I came into the Yoshi franchise via Super Mario World 2: Yoshi’s Island from way back on the SNES. So by and large, all of the controls felt extremely intuitive to me… all of them, that is, except for the egg tossing, one of the fundamentals of the franchise. Throughout the franchise, egg tossing was essentially a timing game; once you pressed (or held) the button to throw an egg, a reticle appeared and started moving up and down, forcing you to time your shot according to what angle you wanted to throw your egg. However, in Crafted World, the reticle doesn’t move. Instead, you have to manually aim the reticle onto the target you want to hit.
The reason for this change is largely by design. In Crafted World, items in both the foreground and background — even though they’re blurred out — can be targeted and hit. The timing game from previous games would make hitting those things, well, impossible. So the developers changed the mechanics of egg tossing to accommodate this. Personally, I think this makes the game worse for the wear. Firstly, eggs ricochet off of angles, allowing for trick shots. However, there aren’t any trick shots that need to be made in Crafted World, making the original mechanic rather useless. Secondly, because you use the left stick to aim, you can’t move while you’re aiming a shot. One of the things I loved about Yoshi’s Island was being forced to toss an egg while under pressure from enemies or the environment; there were instances in the game where you’d need to aim an egg while running or precariously flutter jumping in mid-air. While you can aim a shot in mid-air, jumping while targeting cancels the reticle. In general, this makes a lot of the moment-to-moment gameplay much less difficult. Finally, to finish it off, the fact that items are hidden in the background and foreground make Yoshi’s Crafted World something of a glorified scavenger hunt.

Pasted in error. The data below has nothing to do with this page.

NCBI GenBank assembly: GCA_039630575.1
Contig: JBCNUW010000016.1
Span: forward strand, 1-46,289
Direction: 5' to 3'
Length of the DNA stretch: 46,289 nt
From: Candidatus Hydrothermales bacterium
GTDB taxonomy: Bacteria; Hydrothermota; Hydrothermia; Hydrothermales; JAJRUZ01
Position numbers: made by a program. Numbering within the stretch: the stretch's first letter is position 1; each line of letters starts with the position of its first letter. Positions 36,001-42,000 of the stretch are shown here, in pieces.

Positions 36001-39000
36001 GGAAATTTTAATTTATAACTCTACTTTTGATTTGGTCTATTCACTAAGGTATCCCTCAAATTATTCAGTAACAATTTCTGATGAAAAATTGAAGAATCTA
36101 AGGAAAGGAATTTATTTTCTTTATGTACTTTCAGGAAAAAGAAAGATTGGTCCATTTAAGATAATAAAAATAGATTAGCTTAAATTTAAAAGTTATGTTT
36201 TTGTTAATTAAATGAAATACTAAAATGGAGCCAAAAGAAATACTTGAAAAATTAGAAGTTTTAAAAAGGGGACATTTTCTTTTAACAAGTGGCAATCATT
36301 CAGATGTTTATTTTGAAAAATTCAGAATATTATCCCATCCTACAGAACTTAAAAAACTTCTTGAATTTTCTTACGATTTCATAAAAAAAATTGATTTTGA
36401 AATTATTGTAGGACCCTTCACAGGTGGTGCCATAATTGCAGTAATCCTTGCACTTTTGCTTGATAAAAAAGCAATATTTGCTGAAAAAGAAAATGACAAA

It’s like finding all the Easter eggs
Why do I call Crafted World a scavenger hunt? Well, the Yoshi games have always had some element of collectibles, dating all the way back to Yoshi’s Island. Historically, in each stage in the previous games are hidden a set of flowers and several secret red coins inside them. To truly 100% the game, you needed to find every single one. Crafted World has this concept as well (although it exists for a slightly different reason than it did in previous games). What makes this game so much like a scavenger hunt is that many of the red coins or triggers to make flowers appear are hidden in the foreground, in the background, or, worst of all, behind objects in the background.